US E&P spending reaches new heights
Ernst & Young’s 6th annual US oil and gas reserves study reveals oil and gas producers boosted 2012 capital expenditures and production despite lower profits
HOUSTON, June 4, 2013 /PRNewswire/ — US oil and gas producers significantly increased exploration, development and acquisition spending in 2012 despite a 58% decline in after-tax profits that was largely driven by low natural gas prices, according to Ernst & Young’s US oil and gas reserves study.
The study analyzes US upstream spending and performance data for the largest 50 companies based on 2012 end-of-year oil and gas reserve estimates.
Total capital expenditures for the 50 companies reached $185.6 billion – the most in the study’s history. Largely due to increased tight oil and liquids activity, exploration spending reached $26.3 billion and development spending soared to $103.4 billion
“The increased exploration and development spend we’re seeing in this year’s study speaks to the incredible opportunity unfolding in tight oil from shale formations and the high cost of developing these unconventional resources,” said Marcela Donadio, Americas Oil & Gas leader for the global Ernst & Young organization. “Everyone wants in and they are paying a premium to play.”
Total 2012 capital expenditures rose by 20% compared to the prior year, with the largest increases in development spending and proved property acquisitions.
Development spending increased 21% compared to 2011 while exploration spending rose 20%. The large independents accounted for the biggest rise in combined exploration and development spending. Their spending increased 36% while spending by the integrated companies increased 20% and the smaller independent segment increased spending by 1%. As the smaller independents’ reserves are generally more weighted toward natural gas, the low gas prices throughout much of 2012 had a substantial impact on their cash flows and spending ability.
The data presented in the study for 2012 indicated that companies spent 17% more to acquire properties compared with 2011. Spending for proved properties rose from nearly $14 billion in 2011 to $21.6 billion, while spending for unproved properties reached $33.8 billion in 2012.
The cost to find and develop new reserves surged to $45.03 per boe in 2012, reflecting not only the increased spending, but also the substantial downward revisions of natural gas reserves as a result of low natural gas prices.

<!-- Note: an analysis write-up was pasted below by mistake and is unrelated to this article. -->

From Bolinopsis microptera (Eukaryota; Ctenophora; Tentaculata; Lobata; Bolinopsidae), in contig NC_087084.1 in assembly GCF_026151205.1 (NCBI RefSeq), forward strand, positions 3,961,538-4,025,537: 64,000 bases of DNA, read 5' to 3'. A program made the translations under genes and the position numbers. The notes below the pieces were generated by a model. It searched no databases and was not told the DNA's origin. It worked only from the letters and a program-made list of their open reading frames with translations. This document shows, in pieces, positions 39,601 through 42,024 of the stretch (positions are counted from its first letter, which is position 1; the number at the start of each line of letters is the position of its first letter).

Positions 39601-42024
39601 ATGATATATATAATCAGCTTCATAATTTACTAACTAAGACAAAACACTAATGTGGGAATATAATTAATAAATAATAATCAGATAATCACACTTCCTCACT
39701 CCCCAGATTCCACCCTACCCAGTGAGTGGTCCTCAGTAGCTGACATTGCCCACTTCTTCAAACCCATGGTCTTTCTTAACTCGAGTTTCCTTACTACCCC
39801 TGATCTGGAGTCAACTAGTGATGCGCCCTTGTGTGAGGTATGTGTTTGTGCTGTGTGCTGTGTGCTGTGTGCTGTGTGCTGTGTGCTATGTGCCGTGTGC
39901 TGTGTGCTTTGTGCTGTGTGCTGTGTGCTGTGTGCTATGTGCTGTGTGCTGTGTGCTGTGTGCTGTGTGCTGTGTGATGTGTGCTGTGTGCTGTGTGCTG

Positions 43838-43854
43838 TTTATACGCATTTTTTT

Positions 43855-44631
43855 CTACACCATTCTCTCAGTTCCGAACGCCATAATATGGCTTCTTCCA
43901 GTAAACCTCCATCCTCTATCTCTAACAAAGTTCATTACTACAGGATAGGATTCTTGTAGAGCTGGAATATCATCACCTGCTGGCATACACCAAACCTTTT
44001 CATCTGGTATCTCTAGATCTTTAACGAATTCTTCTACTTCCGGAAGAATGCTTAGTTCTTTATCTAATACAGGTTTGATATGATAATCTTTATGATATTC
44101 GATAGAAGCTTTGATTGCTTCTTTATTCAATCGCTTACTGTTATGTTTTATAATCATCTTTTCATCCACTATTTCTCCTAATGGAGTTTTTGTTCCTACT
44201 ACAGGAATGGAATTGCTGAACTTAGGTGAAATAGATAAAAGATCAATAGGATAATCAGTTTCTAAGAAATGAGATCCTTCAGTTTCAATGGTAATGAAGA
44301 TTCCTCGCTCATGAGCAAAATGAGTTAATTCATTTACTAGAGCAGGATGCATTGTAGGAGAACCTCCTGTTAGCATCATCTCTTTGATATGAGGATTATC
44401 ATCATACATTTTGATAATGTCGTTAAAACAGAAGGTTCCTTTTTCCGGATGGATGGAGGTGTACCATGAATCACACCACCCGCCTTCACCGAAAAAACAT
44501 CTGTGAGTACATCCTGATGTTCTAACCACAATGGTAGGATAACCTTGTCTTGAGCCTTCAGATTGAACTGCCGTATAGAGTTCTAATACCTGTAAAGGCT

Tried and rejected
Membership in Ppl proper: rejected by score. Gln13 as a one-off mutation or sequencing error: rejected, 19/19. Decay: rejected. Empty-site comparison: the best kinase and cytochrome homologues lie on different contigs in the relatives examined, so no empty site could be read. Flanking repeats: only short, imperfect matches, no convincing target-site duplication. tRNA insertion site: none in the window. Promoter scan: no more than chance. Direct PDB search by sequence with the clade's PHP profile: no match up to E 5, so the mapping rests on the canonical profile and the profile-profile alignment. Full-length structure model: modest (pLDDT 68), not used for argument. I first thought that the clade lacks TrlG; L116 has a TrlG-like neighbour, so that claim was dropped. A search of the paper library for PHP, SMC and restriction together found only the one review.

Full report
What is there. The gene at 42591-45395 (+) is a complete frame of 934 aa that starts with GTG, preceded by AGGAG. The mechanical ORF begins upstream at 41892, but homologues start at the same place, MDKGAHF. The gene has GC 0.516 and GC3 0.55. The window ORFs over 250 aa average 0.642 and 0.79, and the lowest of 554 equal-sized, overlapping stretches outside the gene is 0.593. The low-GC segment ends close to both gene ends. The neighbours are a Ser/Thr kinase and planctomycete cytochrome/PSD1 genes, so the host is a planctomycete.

Oil and gas reserves
Tight oil developments and an increased focus on natural gas liquids contributed to a 45% surge in US oil/liquids reserves over the five-year study period. In 2012, oil reserves for the 50 companies rose to 23.3 billion barrels, while production increased by 13% to 1.6 billion barrels.
Extensions of existing reserves and discoveries of new reserves — which have increased every year of the five-year study time period — reached 3.8 billion barrels in 2012. These strong additions helped fuel an oil production replacement rate of 258% in 2012.
“For years, people said the industry would struggle to replace US oil reserves,” Donadio said. “The steady rise in extensions and discoveries as well as oil production replacement rates changes that story.”
Depressed natural gas prices, however, resulted in substantial downward revisions to reserves and drove total gas reserves down 10% from 2011 to 2012. Despite production curtailments throughout much of 2012, gas production increased 4%.
Revenues and profits
Although total oil and gas production increased 7% in 2012, it could not compensate for the $26.4 billion in property impairments recorded due to low natural gas prices. These impairments, paired with a price-driven 3% decrease in revenues and increases in other costs, contributed to a 58% fall in after-tax profits for study companies.
More about the study
The US oil and gas reserves study is a compilation and analysis of certain oil and gas reserve disclosure information reported to the Securities and Exchange Commission. The study includes the top 50 exploration and production companies based on 2012 end-of-year oil and gas reserves estimates. It examines the companies’ US operations for a five-year period from 2008 through 2012.
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SOURCE Ernst & Young